The nobles fall into two main categories, those with wealth and land and those with none or little. Those of the former category often do nothing or little with their time, aimlessly gracing the court, or decorating some party or another, making aimless chatter. Those of the latter often find employment as a court functionary or advisor to the Crown; others travel in hopes of finding their fortune and adventure upon the road and still others choose to take employment in some rich noble's house as an aide or companion to some bored spoilt rich noblewoman. Among the humans young attractive peasants are often sought after as the playthings of rich noblewomen, many noblemen find their entertainment outside of the household.
There are, as with everything, exceptions, and some young noblemen from both rich and poor backgrounds join the royal bodyguard or seek adventure further afield.
Men-at-arms are either trained fighters bound to a noble or royal family, or mercenaries (often court men at ill favor) to be hired for traveling merchants or those of the more pompous townspeople who feel they require it.
Nearly all train as fighters from early childhood, about four or five at the latest. They are adept at using amour and weaponry, some even delving into the magical arts to complement their warrior skills. It the men-at-arms at Court who are often the most vulnerable to ill favor as a noblewoman, or man, can make life very difficult following a refusal of favor, and there are many kinds of trouble to get into should such advances be accepted.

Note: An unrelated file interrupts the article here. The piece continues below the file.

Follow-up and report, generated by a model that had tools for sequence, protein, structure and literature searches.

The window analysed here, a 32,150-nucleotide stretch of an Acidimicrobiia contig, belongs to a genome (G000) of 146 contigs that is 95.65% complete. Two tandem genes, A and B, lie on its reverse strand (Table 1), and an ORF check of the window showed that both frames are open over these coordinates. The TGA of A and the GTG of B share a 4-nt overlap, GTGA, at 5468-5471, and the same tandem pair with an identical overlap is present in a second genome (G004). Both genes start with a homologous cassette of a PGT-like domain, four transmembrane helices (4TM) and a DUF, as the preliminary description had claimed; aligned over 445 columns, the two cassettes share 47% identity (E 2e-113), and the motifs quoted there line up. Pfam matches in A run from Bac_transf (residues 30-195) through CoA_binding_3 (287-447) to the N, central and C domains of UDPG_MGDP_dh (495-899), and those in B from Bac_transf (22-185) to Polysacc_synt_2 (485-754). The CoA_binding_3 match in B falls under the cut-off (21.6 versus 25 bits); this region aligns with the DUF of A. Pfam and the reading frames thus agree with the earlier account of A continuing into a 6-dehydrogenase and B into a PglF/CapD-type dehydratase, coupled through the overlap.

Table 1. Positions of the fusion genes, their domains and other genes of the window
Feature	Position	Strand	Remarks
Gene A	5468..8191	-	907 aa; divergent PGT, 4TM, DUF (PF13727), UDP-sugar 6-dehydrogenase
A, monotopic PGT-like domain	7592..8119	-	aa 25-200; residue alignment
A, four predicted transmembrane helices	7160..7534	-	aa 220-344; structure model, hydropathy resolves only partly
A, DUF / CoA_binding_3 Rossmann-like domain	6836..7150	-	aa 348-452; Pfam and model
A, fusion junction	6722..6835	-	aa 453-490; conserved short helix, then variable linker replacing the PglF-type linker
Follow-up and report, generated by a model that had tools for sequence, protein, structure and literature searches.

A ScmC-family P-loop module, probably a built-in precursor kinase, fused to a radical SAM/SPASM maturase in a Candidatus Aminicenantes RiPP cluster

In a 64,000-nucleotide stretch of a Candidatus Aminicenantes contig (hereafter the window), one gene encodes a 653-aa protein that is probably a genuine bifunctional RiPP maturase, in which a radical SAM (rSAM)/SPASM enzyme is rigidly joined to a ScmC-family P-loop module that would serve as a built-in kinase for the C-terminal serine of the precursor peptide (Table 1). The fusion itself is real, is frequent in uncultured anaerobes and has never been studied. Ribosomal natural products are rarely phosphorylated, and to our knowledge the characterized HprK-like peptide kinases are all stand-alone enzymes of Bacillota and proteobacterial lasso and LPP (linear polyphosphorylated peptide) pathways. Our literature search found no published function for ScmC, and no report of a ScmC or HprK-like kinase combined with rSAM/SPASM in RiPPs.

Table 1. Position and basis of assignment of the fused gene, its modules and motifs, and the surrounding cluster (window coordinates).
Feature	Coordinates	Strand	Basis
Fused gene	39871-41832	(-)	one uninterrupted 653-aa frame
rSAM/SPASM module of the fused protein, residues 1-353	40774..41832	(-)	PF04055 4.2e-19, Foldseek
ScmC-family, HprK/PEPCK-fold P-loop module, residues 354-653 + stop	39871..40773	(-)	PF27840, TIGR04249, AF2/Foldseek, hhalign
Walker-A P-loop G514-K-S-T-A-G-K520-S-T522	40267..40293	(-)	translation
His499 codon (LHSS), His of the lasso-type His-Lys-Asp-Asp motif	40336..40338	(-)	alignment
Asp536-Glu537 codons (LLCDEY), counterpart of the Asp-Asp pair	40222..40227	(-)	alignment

This includes such as scholars, clerics, scribes, cooks, cleaners, clergy, butlers and aides. Many are from the towns, educated or trained to be of service to those of higher station, and some few are of the peasant classes. If one is a 'pet' to a noble, then one can be of any social grouping, given the whims of the highborn.
The Unsociable Element
Like every society, Humans have their share of beggars, thieves, cutthroats, pickpockets and whores. Although whores may seem an unusual thing to include given the nature of our port town.
Pickpockets are normally the younger version of thieves or the desperate version of beggars (who often get caught thanks to a lack of skill and deftness). Thievery can be of varying degrees from trespassing and stealing, to those with enough gumption to sell a noble his own far flung tract of land, with forged papers to boot.
It is here that the more apt of the peasant class scribes choose to find employ. Forging papers is lucrative business for such a one; their employers or clients not always involving the backstreet elements of society.